Planned Paris JCC touted as symbol of enduring French Jewry
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Planned Paris JCC touted as symbol of enduring French Jewry

Slated to open in 2017 -- if another $7m. is found for construction -- the 45,000 square feet Jewish center breaks ground this week

From left, Consistoire President Joel Mergui, Paris Mayor Anne Hidalgo, French Justice Minister Christiane Taubira and Interior Minister Bernard Cazeneuve at a gala dinner for the new cultural center in Paris held at City Hall, June 29, 2015. (Alain Azria/JTA)
From left, Consistoire President Joel Mergui, Paris Mayor Anne Hidalgo, French Justice Minister Christiane Taubira and Interior Minister Bernard Cazeneuve at a gala dinner for the new cultural center in Paris held at City Hall, June 29, 2015. (Alain Azria/JTA)

PARIS (JTA) – Elsewhere in the world, unveiling plans for a new Jewish cultural center might merit little more than a cocktail reception. But in this city, where Jews have been the target of rising anti-Semitic violence, the event was significantly more elaborate, with French Jewish leaders touting the blueprints as proof of the community’s viability and the government’s support for its survival.

The $11 million center, which is slated to open in 2017, will house a large synagogue, two exhibition halls, a gymnasium, offices and a large terrace to accommodate a sukkah. The complex, whose ground-up construction is scheduled to begin this week, will be situated on about 45,000 square feet in the posh and heavily Jewish 17th arrondissement, or district, of Paris.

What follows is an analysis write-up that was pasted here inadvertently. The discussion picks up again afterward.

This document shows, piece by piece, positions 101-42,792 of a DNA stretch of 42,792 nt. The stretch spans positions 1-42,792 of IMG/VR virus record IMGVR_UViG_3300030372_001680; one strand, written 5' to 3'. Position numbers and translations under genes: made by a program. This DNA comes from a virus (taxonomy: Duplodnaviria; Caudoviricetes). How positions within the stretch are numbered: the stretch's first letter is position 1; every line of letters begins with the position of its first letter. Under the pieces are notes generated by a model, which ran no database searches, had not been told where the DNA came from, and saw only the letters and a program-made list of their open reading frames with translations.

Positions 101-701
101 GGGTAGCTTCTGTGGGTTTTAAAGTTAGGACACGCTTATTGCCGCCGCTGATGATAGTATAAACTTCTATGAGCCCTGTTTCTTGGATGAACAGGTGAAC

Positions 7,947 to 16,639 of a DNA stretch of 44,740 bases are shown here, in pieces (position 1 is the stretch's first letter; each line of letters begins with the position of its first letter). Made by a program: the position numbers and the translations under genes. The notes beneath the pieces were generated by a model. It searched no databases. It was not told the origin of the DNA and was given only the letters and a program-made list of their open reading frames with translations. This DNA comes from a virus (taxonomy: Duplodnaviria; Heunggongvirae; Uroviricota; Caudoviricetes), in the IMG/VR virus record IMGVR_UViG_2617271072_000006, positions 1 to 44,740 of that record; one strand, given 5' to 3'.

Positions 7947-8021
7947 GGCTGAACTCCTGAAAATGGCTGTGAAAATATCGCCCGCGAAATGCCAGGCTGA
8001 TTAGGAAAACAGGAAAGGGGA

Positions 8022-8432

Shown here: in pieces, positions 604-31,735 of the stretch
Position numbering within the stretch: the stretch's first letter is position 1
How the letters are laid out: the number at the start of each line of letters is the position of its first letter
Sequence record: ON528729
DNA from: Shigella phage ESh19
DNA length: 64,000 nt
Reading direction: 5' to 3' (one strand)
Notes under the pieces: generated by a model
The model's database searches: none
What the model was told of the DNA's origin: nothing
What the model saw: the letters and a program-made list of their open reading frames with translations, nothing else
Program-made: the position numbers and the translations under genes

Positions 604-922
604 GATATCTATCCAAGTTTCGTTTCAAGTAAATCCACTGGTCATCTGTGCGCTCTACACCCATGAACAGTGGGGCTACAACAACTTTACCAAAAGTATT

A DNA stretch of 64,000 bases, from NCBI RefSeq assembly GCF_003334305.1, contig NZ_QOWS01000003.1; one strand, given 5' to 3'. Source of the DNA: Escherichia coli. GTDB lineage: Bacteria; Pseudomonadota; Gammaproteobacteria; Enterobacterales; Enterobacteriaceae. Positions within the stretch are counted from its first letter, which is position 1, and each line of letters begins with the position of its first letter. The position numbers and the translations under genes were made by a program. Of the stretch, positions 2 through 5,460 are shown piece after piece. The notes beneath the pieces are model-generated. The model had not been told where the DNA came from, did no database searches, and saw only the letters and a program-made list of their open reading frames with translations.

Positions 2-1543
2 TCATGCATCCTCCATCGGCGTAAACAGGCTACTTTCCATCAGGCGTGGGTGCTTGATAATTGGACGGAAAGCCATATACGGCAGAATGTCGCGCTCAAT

First, however, several million dollars must be raised for its construction.

To that end, hundreds of guests including French Interior Minister Bernard Cazeneuve, the film director Claude Lanzmann and Maurice Levy, CEO of the advertising giant the Publicis Groupe, came out for a gala dinner. The singer-songwriter Enrico Macias, an Algeria-born Jew, performed at the gathering held at the ornate City Hall here, the Hotel de Ville.

A video shown at the gala included images of judo classes, bar mitzvahs, film screenings and study groups taking place at the new facility.

Enrico Macias and Yasmin Levy perform in Tel Aviv in 2011 (photo credit: Youtube screen capture)
Enrico Macias performing in Tel Aviv in 2011 (photo credit: Youtube screen capture)

City Councilman Patrick Klugman, who represents the 17th arrondissement, said efforts to construct a modern Jewish community have been nearly a decade in the works. Dozens of offices of Jewish organizations are now crammed into a well-guarded, fortress-like building on Broca Street in the 5th district of Paris.

“This is the Jewish story: We build even if afraid, even if under threat. We build,” Klugman, who is Jewish and attended the gathering, told JTA.